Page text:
In late May, an otherwise relatively healthy New York City woman began having trouble speaking, and she felt weak on the right side of her body. But
In late May, an otherwise relatively healthy New York City woman began having trouble speaking, and she felt weak on the right side of her body. But she could still walk and take care of herself, and with the coronavirus pandemic raging, visiting a hospital seemed too dangerous. The next day, her speech had gotten worse, and she could barely move the right side of her body. Her family called 911 and she was rushed to the hospital, where doctors determined she had suffered a stroke.
By the time the woman left the hospital, she was no longer able to walk by herself, and was having difficulty speaking and understanding others. The delay in seeking treatment likely exacerbated her condition, says Dr. Alexander Merkler, a neurologist at NewYork-Presbyterian Hospital and an assistant professor of neurology at Weill Cornell Medicine. “Had she come to the hospital earlier, we would have been able to give her the right therapies that would have improved her quality of life,” he says. (Dr. Merkler, who relayed the story to TIME, could not share the woman’s name due to privacy laws.)
Stories like this one are playing out in hospitals nationwide as people avoid emergency rooms for fear of contracting COVID-19. Emergency room visits across the country were down 42% in late March and April of this year compared to a similar period last year, according to a June 3 report from the Centers for Disease Control and Prevention (CDC). While there were significant increases in respiratory-related visits during that period—likely related to the coronavirus pandemic—even those admissions didn’t make up for a massive drop in visits for a slew of other ailments.
“We’ve never seen anything like this before,” says the CDC’s Kathleen Hartnett, an epidemiologist and lead author of the paper. Such drastic drops have been recorded in unusual times at individual hospitals, like during the 2003 SARS outbreak in Hong Kong. But widespread falloffs in admissions across an entire country are unprecedented. “In the history of our system, we have never seen a drop like this,” Hartnett says. (The latest figures show more ER visits in late May than the lowest point in April, but they were still down more than 25% year-over-year.)
There are a handful of potential reasons that fewer Americans are showing up to the emergency room. First, coronavirus lockdowns mean many of us aren’t engaging in risky behavior as often as we usually do—people are driving less (meaning fewer collisions) and recreational sports leagues are on hold (meaning fewer broken bones and contusions) for instance. Second, those same lockdowns could also be reducing the spread of non-coronavirus infections that normally drive some ER admissions, like influenza. Finally, more people than usual could be managing their less-serious medical issues at home rather than risk a hospital visit right now.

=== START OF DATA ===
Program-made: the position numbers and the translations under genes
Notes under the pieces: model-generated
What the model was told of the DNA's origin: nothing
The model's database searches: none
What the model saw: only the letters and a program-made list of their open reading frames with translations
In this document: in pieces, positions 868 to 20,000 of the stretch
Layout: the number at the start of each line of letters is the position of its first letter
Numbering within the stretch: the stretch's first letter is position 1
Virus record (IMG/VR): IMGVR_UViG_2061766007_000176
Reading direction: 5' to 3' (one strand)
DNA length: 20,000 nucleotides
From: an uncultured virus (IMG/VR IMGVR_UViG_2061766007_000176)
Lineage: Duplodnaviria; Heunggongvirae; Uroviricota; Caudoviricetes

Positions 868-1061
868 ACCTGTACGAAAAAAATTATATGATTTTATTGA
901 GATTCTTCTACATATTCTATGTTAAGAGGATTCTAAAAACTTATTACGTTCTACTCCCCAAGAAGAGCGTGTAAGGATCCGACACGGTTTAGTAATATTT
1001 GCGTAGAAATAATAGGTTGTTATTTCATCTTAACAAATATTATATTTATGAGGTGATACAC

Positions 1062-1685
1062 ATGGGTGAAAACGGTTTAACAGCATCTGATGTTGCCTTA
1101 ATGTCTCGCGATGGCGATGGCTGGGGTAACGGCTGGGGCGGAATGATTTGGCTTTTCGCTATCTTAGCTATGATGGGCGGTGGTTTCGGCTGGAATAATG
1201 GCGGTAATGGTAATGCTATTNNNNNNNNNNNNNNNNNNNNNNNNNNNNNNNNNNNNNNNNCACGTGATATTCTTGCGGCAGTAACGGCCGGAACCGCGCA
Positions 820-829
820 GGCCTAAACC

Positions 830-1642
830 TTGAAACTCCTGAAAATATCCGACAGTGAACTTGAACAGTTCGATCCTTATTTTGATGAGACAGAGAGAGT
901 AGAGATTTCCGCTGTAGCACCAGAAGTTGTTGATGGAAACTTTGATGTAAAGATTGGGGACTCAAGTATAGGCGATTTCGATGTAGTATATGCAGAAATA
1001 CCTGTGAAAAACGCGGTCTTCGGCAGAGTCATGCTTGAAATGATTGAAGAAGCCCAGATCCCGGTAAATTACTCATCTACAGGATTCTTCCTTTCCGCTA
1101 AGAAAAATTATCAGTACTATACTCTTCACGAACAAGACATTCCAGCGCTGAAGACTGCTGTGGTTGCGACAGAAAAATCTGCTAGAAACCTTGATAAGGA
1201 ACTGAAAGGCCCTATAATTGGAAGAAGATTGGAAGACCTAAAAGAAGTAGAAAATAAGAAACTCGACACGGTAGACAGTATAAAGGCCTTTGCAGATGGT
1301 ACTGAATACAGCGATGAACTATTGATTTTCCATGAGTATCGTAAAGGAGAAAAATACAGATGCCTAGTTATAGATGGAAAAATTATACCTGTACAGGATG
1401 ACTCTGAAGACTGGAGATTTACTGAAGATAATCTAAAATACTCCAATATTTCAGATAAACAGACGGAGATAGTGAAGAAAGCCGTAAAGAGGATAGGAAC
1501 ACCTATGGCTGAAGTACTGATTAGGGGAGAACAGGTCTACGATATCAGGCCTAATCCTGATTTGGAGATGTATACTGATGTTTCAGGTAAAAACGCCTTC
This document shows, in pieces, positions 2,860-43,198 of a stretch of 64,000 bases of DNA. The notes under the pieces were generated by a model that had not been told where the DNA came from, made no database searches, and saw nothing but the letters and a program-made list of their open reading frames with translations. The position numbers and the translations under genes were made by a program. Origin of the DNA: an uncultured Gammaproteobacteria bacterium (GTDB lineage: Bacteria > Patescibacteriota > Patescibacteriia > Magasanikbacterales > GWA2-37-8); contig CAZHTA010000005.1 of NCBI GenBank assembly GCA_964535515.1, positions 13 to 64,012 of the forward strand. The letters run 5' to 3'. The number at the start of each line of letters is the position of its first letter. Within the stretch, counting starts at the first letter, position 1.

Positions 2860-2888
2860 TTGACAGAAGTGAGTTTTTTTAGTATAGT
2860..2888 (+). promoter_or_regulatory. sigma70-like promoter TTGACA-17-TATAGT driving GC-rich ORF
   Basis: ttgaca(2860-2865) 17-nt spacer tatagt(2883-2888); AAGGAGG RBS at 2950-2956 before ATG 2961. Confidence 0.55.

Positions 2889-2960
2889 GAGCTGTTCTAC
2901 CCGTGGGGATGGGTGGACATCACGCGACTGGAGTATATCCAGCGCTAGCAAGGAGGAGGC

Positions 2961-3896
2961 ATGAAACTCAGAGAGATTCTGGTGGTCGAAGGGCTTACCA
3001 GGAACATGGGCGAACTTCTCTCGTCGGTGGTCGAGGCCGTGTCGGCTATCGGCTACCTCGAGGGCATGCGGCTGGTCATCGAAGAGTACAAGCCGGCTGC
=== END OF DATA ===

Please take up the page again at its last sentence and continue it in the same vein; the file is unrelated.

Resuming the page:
But the CDC report’s authors worry about another explanation: the decline could be at least in part due to people avoiding hospitals despite legitimately needing immediate treatment, like the New York woman. While the number of ER visits for cardiac arrest increased during the pandemic, the number of visits for nonspecific chest pain decreased. That, the authors say, suggests that people aren’t seeking medical attention even if they’re showing the classic signs of a cardiovascular episode—potentially increasing their risk of complications or death. “We really do not want people delaying when they have the signs and symptoms of a stroke or a heart attack,” says Hartnett.
In order to reassure nervous patients, Hartnett says that hospitals should follow CDC infection control guidelines to prevent COVID-19 transmission. Entrances should be limited, and patients should be quickly assessed for coronavirus symptoms, and separated from others if necessary. If people are unsure whether they should seek emergency treatment, Hartnett says they should get advice from their medical provider or a triage line. Heart attack and stroke symptoms, however, are always emergencies.
“People are scared, and I’m not going to say that I wasn’t scared as well,” Dr. Merkler says of the COVID-19 pandemic. “But at the same time, if you’re having a medical emergency, which a stroke is, the benefit of going to the hospital and receiving appropriate care outweighs the risk of just staying home.”
Source: | Health – TIME